(First published on April 3, 2006)
Rebecca Douglass booked her river cruise from Amsterdam to Budapest directly from Viking River Cruises nine months in advance and was eagerly counting off the days until embarkation. Then, six weeks before departure, Viking called her with a surprise: She and her friends had been bumped off the ship to make room for a charter group.
You may have heard of being bumped off an airline flight, but did you know you could be bumped off a cruise ship? Indeed, you can.
The most publicized case of cruise bumping occurred last fall when Carnival Cruise Lines canceled sailings for three ships over a six-month period so the vessels could house New Orleans residents displaced by Hurricane Katrina. Carnival offered its bumped customers full refunds and the opportunity to rebook their cruises on any Carnival ship. Guests who rebooked received a $100-per-person shipboard credit. Carnival notes that the majority of guests understood the extraordinary circumstances and booked other Carnival cruises.
But most bumps don’t go so gently, especially when some passengers get bumped and others don’t. So who gets bumped — and why?
The usual reason is overbooking, sometimes (as in Rebecca Douglass’s case) when a charter group turns up. Other reasons include itinerary changes on multi-segment cruises and changes in vessel availability. According to travel agents, the luckless “bumpee” can be just about anyone. The decision can depend to how a passenger booked his cruise, what cabin category he’s in, and even how he booked his airline tickets.
The law is on the side of the ship owner
There are no federal or state laws prohibiting a cruise line from bumping passengers because of overbooking. Each cruise line has its own bumping policies, which are stated in the terms and conditions of it passenger contract.
In the case of Viking River Cruises, the passenger contract has a special provision for charter bumps. It states: “In the event of charters of the vessels, truces, lockouts, riots or stoppage of labor from whatever cause or for any other reason whatsoever, the Owner or Operator of the vessel identified in this brochure may, at any time, cancel, advance or postpone any scheduled tour and may, but is not obliged to, substitute another vessel or itinerary and shall not be liable for any loss whatsoever to passengers by reason of any such cancellation, advancement or postponement.”
Language like this should give a traveler pause. Not only does it specifically name “charters” (which are voluntary business opportunities) in a list of otherwise uncontrollable conditions, it plainly states that the company will accept no liability for any passenger loss “whatsoever.” “Whatsoever” is a word you really don’t want hanging around your cruise vacation, yet you will find it in most every cruise line’s passenger contract.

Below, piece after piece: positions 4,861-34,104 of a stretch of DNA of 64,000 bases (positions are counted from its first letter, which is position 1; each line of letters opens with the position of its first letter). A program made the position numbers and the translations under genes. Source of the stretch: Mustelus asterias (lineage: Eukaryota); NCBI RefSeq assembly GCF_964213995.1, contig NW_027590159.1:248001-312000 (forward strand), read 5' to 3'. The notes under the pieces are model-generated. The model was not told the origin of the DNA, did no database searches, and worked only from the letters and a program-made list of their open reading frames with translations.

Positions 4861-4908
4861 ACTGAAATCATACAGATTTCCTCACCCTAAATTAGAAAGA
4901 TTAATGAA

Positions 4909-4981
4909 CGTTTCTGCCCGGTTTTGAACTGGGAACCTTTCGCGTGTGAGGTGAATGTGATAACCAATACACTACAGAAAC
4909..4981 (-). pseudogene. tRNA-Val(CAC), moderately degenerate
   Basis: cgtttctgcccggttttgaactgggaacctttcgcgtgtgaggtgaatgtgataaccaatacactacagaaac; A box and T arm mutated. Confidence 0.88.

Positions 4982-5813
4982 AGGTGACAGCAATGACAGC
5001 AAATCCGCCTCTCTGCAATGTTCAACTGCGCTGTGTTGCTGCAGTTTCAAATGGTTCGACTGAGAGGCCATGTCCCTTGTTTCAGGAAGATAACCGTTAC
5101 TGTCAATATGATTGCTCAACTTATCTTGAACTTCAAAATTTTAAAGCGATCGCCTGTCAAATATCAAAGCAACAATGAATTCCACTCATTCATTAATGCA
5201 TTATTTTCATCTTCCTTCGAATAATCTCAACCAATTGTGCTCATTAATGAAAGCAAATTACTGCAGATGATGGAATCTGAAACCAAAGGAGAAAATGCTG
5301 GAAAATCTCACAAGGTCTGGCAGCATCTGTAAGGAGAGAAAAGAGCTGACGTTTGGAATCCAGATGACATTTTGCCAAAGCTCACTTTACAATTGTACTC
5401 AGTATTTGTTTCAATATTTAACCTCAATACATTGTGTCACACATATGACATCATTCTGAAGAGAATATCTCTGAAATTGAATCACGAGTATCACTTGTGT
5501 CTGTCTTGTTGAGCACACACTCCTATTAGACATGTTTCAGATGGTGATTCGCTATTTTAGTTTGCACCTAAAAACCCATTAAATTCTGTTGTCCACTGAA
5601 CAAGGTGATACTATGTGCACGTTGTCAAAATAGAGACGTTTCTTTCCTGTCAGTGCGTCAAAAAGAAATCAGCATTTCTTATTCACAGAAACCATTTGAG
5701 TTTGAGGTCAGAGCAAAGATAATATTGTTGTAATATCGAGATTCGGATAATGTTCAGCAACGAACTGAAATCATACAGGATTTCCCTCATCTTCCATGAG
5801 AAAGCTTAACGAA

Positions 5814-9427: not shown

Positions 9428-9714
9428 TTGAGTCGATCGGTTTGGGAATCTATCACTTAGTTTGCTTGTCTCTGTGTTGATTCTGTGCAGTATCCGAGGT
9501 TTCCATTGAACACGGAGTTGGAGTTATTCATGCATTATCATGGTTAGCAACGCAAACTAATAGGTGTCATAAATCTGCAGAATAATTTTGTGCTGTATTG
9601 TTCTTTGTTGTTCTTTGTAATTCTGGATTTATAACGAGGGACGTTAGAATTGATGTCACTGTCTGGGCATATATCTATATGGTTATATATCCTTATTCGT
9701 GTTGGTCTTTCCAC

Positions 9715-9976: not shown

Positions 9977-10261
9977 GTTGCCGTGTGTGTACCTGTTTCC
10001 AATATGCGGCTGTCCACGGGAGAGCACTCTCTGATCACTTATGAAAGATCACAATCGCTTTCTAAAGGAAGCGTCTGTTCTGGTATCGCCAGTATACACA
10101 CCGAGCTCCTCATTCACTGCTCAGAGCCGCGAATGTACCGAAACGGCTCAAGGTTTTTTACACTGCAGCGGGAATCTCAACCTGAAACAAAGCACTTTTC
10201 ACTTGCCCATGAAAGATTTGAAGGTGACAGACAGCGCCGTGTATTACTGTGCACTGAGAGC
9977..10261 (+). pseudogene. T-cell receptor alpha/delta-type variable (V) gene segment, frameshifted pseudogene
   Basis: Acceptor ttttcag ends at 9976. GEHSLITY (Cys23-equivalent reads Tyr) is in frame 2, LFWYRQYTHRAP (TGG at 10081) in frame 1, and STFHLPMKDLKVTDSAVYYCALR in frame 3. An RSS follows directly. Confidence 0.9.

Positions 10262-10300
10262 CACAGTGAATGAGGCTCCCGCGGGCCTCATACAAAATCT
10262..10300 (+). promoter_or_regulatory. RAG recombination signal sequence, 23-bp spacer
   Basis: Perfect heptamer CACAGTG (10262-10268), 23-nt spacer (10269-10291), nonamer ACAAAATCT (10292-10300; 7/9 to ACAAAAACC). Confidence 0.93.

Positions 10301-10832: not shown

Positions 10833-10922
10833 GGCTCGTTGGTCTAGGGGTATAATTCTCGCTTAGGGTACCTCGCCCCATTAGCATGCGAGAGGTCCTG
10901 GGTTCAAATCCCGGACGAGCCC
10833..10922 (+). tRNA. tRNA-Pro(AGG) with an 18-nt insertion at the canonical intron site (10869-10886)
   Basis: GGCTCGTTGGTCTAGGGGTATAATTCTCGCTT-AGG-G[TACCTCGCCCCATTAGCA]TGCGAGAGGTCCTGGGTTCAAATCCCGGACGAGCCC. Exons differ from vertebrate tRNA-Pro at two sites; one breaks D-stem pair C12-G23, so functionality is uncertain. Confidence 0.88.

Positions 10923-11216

Travelers find ways to get what they want
So what is the poor bumped traveler to do?
First, dig in your heels. You don’t have to go down without a fight.
“If the cruise line calls to bump my client, my client does not have to accept it,” says Ben Catalina of Cruises Inc. in San Antonio, Texas. Catalina has had about a dozen clients involved in a cruise bump, and each time it was because the cruise line needed more rooms in a particular cabin category.
Catalina advises all clients to either refuse to be bumped or to negotiate for upgrades, refunds, shipboard credits, pre-cruise lodging — or whatever compensation would make the client happy. “It’s just like an airline bump, but much more is involved and it is a bigger investment,” he points out.
As it turns out, only one of Catalina’s clients accepted a bump, and that was after the cruise line offered her an upgrade to a suite and a refund of $500 to take a sailing two weeks after her scheduled cruise. Catalina believes this client was singled out for the bump because she had purchased her airfare through the cruise line and so would not incur any fees to change her tickets.
But for those travelers whose vacation schedules aren’t flexible — and for those who just don’t want to be bumped — Catalina says, “Stand firm.” Usually, the cruise line will accept your decision and move on to the next candidate.
Doing the right thing
In the case of the Viking River Cruises charter bump, the cruise line took a proactive stance, offering the Douglasses a suitable remedy.
“As with airlines and hotels, cruise ships on occasion become overbooked,” says Lisa Juarez, vice president of marketing communications for Viking River Cruises. “From time to time, but not as regular practice, Viking River Cruises also has itinerary departures that become oversold,”
Juarez notes that Viking typically offers customers another sailing of similar value or similar duration. “We try to accommodate clients’ needs and work with them to fulfill their travel expectations,” she says. “Each situation is evaluated based on circumstances and handled on an individual basis.”
The Douglasses rebooked on a similar itinerary and were upgraded to a higher cabin category. They were also refunded the difference in cost between their initial cruise and hotel package and the new one. Moreover, Viking made custom air and hotel arrangements for them for a pre-cruise stay in their departure city.
“We don’t offer custom packages, but we wanted to accommodate them the best we could,” says Juarez. In fact, the Douglasses were pleased with Viking’s offer.
There is no travel insurance policy that covers getting bumped off a cruise. Travel Guard, one of the largest travel insurers, specifically excludes from its cruise coverage any travel arrangements changed or canceled by the cruise line.
The best defense against an unwanted bump is a good travel agent — one who will advocate for you and throw the weight of his agency’s future business behind you. After all, cruise lines worry about getting the heave-ho, too.